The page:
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International Overdose Awareness Day

Every 31 August since 2001
Each year on 31 August the international community remembers those we’ve lost by helping to promote Overdose Awareness.
The Pennington Institute in Australia now works to coordinate this activism by providing a wide selection of resources on the official website overdoseday.com. These resources include posters, memes, overdose information, videos and templates for items like tshirts.

Latest Resources

Summary of Take Home Naloxone in Australia

The Centre for Research into Injecting Drug Use in Australia have put together an overview of the current naloxone landscape there that is broken down by state.

Naloxone – Lee’s Story

Bristol Drugs Project have produced three short interviews detailing the experience three different people have had with Naloxone. In this interview, they speak to Lee. He describes his own experience of an opioid overdose and how Naloxone was administered to him saving his life. This is Lee’s Story.

Naloxone – Rebecca’s Story

Bristol Drugs Project have produced three short interviews detailing the experience three different people have had with Naloxone. In this interview, they speak to Rebecca who, after getting Naloxone training with BDP, went on to administer Naloxone to a member of the public who was going through an opioid overdose. This is Rebecca’s story.

Naloxone – Rich’s Story

Bristol Drugs Project have produced three short interviews detailing the experience three different people have had with Naloxone. In this interview they speak to Rich. he describes his experience administering Naloxone to his friend who was going through an opioid overdose. This is Rich’s Story.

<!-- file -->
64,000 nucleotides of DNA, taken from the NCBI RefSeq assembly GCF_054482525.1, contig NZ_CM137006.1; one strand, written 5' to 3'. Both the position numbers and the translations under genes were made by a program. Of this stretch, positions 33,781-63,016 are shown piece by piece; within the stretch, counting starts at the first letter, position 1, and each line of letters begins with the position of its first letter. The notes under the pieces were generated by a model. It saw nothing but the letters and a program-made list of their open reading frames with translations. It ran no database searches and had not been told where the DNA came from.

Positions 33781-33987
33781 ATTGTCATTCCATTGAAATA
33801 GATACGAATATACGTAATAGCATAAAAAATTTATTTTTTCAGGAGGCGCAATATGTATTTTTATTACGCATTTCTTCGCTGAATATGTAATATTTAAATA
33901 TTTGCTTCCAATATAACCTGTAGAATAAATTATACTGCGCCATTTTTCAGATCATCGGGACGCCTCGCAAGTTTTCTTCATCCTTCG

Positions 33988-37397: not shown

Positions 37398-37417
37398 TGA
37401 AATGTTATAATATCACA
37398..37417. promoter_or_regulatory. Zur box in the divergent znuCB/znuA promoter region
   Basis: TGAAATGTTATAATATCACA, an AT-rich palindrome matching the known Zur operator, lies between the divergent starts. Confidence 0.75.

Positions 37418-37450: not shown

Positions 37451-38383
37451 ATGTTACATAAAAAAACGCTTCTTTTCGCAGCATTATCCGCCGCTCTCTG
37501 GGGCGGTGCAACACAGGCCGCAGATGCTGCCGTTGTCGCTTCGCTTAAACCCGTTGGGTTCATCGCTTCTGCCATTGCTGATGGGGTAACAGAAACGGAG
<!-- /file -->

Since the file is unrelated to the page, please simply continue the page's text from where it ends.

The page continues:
Test your knowledge: new online questionnaire on overdose and take-home naloxone

The EMCDDA has launched a new online knowledge questionnaire on overdose and take-home naloxone aimed at potential bystanders of overdose, but also at a wider interested public. The main aim of the questionnaire is to refresh respondents’ knowledge on opioids, overdose risks and the role of take-home naloxone as part of the overall response to overdose deaths.

Take-home naloxone can save lives — an overview of programmes

Many people overdose in the presence of their partners or peers. Empowering friends, family and other bystanders to act effectively, before emergency services arrive at the scene, can therefore save lives. Overdose prevention programmes, combining first aid training with the provision of the overdose-reversal drug naloxone, were piloted in Europe in the late 1990s. Now available at local or national level in 12 European countries, these take-home naloxone (THN) programmes are targeted at-risk opioid users and those likely to witness an overdose.

 
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EuroNPUD Naloxone Resources

EuroNPUD have produced naloxone resources focused on peer to peer distribution.
EuroNPUD underscore the centrality of the involvement of people who use drugs: drug users must be regarded as the primary target group for naloxone distribution and administration.

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